Cardinal Bourchier is a significant character in William Shakespeare's historical play, Richard III. As the Archbishop of Canterbury, he plays a crucial role in the events surrounding the rise and fall of Richard III's reign.
Born in 1411, Cardinal Bourchier, also known as Thomas Bourchier, was a highly respected clergyman in the 15th century England. His family had a long-standing connection with the church, and Bourchier followed in their footsteps, dedicating his life to serving God and the people.
In Richard III," Cardinal Bourchier represents the moral and ethical voice amidst the political chaos. He is portrayed as a wise and virtuous man who upholds his religious duties with unwavering dedication. As the Archbishop of Canterbury, he holds significant influence over the people and the monarchy.
The Voice of Reason
One of Cardinal Bourchier's notable appearances in the play is during the coronation scene. Richard III, portrayed as a ruthless and power-hungry king, seeks the crown through deceit and manipulation. However, Cardinal Bourchier refuses to crown him, sensing the evil and treachery that resides within Richard's heart.
This particular scene showcases Cardinal Bourchier's strong moral compass and his commitment to upholding justice. Despite the pressures and threats from Richard, he remains steadfast in his refusal to endorse a tyrant as the rightful king. His actions highlight the clash between religious duty and political power, emphasizing the importance of moral integrity.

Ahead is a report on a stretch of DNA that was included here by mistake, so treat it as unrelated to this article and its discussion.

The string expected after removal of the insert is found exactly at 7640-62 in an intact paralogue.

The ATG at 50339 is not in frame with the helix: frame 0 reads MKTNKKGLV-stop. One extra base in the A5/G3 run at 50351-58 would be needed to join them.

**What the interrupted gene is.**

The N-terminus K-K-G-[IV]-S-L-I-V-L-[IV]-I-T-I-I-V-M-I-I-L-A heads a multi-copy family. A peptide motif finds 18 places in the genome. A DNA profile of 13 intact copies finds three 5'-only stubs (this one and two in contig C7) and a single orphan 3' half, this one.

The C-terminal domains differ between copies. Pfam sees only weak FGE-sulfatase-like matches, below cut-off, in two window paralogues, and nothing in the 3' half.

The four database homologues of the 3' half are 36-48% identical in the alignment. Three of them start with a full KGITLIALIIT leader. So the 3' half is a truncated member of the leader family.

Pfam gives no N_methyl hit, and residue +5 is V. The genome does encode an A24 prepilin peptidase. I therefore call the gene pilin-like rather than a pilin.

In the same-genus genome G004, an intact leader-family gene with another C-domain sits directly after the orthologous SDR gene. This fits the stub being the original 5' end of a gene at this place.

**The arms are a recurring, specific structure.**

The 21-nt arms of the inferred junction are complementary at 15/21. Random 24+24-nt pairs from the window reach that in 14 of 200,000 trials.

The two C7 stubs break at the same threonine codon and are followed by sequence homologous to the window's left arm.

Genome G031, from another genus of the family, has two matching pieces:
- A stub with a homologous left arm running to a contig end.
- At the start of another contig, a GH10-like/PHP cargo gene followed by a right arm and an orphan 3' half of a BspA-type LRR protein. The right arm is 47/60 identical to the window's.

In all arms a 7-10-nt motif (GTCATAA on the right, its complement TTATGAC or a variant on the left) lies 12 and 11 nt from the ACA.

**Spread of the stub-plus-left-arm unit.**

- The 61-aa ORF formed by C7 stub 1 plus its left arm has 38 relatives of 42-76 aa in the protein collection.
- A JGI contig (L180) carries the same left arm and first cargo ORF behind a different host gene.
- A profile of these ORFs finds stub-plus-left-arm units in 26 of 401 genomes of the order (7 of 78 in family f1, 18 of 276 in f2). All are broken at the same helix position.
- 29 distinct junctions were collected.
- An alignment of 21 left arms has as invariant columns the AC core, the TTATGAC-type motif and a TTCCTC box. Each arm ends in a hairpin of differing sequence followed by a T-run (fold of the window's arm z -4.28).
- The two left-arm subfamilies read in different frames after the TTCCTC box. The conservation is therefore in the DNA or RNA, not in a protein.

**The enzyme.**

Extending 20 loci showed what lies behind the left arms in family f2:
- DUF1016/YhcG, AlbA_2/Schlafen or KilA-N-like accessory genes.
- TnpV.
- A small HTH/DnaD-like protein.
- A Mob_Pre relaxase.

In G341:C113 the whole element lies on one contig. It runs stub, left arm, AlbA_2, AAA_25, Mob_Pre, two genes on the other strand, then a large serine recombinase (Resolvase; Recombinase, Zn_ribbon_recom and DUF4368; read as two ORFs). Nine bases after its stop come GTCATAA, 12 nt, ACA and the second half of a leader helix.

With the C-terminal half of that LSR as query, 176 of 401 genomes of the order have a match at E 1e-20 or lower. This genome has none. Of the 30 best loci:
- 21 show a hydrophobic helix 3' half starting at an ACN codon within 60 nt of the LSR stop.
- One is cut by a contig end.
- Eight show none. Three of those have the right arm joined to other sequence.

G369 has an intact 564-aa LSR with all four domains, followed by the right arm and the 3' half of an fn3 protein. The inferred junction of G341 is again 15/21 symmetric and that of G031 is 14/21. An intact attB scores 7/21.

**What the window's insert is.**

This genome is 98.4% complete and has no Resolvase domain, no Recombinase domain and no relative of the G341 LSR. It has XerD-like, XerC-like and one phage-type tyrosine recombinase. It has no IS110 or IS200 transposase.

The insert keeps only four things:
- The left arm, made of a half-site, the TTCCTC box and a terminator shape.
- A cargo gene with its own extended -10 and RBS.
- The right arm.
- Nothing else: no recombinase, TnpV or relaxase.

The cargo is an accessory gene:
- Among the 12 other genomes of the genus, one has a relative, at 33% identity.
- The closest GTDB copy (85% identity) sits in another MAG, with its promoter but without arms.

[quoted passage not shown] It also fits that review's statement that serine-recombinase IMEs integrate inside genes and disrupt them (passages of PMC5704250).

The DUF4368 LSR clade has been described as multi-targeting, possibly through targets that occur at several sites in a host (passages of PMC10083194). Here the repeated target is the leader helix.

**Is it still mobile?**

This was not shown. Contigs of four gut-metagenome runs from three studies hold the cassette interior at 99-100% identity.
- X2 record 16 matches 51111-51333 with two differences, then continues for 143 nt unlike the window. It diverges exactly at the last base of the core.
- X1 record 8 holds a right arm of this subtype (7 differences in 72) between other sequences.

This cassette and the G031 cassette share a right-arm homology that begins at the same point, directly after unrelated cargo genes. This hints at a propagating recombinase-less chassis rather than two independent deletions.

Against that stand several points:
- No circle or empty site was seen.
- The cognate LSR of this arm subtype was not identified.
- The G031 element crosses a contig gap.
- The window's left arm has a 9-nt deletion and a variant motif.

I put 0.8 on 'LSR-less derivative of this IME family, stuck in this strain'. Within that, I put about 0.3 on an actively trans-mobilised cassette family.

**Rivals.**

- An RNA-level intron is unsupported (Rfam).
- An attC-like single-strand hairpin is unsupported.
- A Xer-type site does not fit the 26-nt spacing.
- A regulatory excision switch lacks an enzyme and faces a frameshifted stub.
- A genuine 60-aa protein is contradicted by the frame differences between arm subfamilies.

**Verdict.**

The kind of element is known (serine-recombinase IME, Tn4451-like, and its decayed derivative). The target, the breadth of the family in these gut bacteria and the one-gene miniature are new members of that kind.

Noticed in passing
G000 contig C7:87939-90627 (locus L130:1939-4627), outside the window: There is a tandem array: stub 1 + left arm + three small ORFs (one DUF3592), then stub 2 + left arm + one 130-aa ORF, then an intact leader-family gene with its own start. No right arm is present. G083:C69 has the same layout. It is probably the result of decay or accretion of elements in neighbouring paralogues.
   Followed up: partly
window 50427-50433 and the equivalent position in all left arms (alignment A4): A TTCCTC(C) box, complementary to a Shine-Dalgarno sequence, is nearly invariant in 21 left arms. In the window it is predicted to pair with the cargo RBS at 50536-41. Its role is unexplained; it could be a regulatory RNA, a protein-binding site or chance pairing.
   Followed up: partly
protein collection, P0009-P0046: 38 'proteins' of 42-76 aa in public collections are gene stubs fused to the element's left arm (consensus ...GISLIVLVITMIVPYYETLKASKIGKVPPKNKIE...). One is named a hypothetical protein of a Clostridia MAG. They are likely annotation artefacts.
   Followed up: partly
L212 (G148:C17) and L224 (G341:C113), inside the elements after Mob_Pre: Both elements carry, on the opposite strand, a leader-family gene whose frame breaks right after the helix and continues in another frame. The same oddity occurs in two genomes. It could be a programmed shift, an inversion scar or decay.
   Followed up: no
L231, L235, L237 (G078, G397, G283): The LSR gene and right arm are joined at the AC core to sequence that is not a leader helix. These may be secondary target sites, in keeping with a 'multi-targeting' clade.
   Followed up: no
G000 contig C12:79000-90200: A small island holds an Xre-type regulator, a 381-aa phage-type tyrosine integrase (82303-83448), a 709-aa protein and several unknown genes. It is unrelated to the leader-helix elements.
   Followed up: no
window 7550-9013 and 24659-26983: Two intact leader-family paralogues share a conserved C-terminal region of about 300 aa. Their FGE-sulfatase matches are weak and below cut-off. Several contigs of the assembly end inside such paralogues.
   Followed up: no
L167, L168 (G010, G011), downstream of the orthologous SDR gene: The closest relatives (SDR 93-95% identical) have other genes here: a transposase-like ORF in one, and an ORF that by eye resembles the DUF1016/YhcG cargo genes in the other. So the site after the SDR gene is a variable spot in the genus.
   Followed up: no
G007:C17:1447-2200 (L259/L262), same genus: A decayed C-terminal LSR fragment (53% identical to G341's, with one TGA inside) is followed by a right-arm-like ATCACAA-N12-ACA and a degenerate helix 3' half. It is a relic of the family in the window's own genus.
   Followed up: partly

Cardinal Bourchier's character is also significant in highlighting the religious aspects of the play. As a clergyman, he symbolizes the divine authority and serves as a reminder of the higher power that governs all actions. His presence adds a layer of spirituality to the narrative, underscoring the moral consequences of the characters' choices.
Although Cardinal Bourchier's role in Richard III may not be as prominent as some of the other characters, his character serves as a moral compass and a representation of religious authority. His refusal to endorse Richard III showcases his unwavering commitment to righteousness, making him an essential figure in the play.
Overall, Cardinal Bourchier's character adds depth and complexity to Richard III. His unwavering commitment to justice and moral integrity makes him a crucial voice of reason amidst the political turmoil. Through his actions, the audience is reminded of the importance of staying true to one's principles, even in the face of adversity.